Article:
This is something I was thinking about over the weekend. I doubt I'll ever complete it (I don't think there would be that much demand for such a thing), but I figured it might make a good blog post. If someone else wants to pick up this idea and run with it, feel free.
Here it is:
One problem a lot of younger gamers have with old school D&D in particular is how fragile low level characters are. It's a valid concern, even if my personal style is to embrace that fragility and try to make it a strength of the game play. Others see it as a flaw, and I can understand that.
But the problem with 'new school D&D' is that in order to make the PCs sturdy at low levels, they add a lot of complexity to the rules set overall, and also end up powering up the monsters to make them challenging. So (as I've blogged about before) you get a game where you don't really make the PCs more powerful, you only make things more complex.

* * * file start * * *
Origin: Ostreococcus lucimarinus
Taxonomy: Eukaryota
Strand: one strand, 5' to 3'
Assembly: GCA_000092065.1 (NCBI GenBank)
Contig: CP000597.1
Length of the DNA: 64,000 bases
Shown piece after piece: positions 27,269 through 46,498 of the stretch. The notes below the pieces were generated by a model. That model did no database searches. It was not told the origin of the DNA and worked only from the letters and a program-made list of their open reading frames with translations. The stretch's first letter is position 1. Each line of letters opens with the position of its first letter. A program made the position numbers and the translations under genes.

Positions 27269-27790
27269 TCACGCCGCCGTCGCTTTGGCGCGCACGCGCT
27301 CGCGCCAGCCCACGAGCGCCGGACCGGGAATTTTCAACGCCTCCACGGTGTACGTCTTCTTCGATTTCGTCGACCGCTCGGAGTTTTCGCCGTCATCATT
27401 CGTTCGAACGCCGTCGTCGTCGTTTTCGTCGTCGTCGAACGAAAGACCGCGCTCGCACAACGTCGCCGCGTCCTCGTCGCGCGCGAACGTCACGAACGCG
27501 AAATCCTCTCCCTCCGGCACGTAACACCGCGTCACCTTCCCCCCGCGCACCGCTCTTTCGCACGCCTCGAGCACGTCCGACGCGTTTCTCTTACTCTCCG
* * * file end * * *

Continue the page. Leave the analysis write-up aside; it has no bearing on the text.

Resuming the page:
I was wondering what the implications would be of changing the Classic D&D or AD&D framework so that levels were based around the increases in Thac0/Saves for each class. So a Fighter would have their first 3 (2 in AD&D) levels compressed into one. You'd start with Thac0 19 and have the Fighter 1-3 saves and 3d8 hit points. Magic-Users would start with Thac0 19, M-U 1-5 saves, 5d4 hit points, and 2/2/1 spellcasting. Etc.
Yeah, it would be a big jump in power for the PCs. But they'd still need to earn XP to hit the next tier mark to level up. The down side, from what little I ran of numbers is that Clerics would outclass Fighters for hit points. Especially if AD&D's system is used, where Fighters would only get 2d10 per 'level' while Clerics would get 4d8. Still, Fighter advancement would be quicker (at least at first, didn't really run the numbers yet).
Anyway, the idea is that the rest of the rules wouldn't change, only the power of the PCs.
LegendQuest: Horror in the House of Mystique
1 hour ago